Experiential role of artefacts in cooperative design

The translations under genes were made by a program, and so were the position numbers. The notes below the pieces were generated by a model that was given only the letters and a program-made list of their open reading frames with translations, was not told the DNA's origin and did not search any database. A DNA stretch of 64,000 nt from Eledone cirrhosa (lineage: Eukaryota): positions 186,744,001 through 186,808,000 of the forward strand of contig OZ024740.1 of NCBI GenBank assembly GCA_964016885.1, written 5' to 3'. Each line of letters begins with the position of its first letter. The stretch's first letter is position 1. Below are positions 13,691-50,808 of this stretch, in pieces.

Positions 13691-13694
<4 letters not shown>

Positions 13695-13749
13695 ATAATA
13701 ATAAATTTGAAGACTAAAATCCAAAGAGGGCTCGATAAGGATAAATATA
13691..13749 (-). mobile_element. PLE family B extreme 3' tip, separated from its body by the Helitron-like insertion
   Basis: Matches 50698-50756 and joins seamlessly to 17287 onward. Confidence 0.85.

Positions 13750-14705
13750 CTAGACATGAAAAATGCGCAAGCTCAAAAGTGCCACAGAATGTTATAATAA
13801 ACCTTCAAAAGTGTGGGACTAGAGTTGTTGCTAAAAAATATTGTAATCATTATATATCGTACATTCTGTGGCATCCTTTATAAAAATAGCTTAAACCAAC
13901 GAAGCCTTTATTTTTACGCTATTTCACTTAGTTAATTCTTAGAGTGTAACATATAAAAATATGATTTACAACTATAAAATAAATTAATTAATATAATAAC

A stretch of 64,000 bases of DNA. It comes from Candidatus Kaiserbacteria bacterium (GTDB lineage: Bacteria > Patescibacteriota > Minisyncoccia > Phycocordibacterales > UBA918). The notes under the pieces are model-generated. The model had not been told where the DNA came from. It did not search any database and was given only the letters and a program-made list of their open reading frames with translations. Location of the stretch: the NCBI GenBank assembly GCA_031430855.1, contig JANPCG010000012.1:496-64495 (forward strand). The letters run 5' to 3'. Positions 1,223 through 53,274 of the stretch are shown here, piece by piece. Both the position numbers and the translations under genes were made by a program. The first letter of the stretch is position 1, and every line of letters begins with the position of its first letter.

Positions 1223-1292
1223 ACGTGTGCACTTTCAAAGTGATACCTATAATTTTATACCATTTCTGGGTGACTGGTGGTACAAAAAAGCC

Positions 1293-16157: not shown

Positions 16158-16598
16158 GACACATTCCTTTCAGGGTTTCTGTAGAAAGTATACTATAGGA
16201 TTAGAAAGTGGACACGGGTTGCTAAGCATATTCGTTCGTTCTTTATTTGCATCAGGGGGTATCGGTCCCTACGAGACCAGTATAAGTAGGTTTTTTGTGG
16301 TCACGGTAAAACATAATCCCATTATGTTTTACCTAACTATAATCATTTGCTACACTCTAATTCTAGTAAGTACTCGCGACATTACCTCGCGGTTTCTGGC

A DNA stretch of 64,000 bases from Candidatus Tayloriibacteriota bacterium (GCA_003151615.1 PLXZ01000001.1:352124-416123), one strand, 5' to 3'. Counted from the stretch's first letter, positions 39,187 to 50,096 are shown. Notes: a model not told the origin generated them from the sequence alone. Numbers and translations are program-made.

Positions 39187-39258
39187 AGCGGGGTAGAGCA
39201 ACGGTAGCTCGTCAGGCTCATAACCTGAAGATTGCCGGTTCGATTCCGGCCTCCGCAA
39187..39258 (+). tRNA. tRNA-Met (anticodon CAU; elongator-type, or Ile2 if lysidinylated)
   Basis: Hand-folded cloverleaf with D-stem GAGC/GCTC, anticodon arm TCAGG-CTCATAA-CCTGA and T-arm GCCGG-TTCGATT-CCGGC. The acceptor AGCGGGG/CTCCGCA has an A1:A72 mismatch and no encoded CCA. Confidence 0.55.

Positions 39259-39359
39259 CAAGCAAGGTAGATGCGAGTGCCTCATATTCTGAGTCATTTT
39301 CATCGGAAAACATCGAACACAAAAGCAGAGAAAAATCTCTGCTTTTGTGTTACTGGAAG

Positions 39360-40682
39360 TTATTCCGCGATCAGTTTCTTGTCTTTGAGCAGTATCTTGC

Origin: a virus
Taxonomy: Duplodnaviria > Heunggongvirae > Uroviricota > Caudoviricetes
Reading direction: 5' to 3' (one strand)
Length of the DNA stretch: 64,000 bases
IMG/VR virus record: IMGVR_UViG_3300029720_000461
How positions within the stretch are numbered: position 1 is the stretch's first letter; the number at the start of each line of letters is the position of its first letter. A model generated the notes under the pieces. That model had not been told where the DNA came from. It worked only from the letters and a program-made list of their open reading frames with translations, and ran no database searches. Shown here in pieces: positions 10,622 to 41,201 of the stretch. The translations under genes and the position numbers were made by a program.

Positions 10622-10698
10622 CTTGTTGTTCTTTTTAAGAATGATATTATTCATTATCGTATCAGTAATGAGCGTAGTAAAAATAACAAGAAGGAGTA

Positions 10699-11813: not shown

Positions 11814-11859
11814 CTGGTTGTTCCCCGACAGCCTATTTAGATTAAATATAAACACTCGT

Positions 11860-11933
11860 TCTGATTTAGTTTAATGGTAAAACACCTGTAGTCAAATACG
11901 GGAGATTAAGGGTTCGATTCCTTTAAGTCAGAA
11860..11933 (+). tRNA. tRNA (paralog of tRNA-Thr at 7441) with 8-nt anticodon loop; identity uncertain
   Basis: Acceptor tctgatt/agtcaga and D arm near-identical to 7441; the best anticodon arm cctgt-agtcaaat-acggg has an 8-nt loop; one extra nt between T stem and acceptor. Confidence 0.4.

The role of material artefacts in supporting distributed and co-located work practices has been well acknowledged within HCI and CSCW research. In this paper, we show that in addition to their ecological, coordinative and organizational support, artefacts also play an 'experiential' role. In this case, artefacts not only improve efficiency or have a purely functional role (e.g. allowing people to complete tasks quickly), but the materiality, use and manifestations of these artefacts bring quality and richness to people's performance and help them make better sense of their everyday lives. In a domain such as industrial design, such artefacts play an important role for supporting creativity and innovation. Based on our ethnographic fieldwork on understanding cooperative design practices of industrial design students and researchers, we describe several experiential practices that are supported by design-related artefacts such as sketches, drawings, physical models and explorative prototypes -- used and developed in designers' everyday work. Our main intention in carrying out this kind of research is to develop technologies to support designers' everyday practices. We believe that with the emergence of ubiquitous computing, there is a growing need to focus on the personal, social and creative side of people's everyday experiences. By focusing on the experiential practices of designers, we can provide a much broader view in the design of new interactive technologies.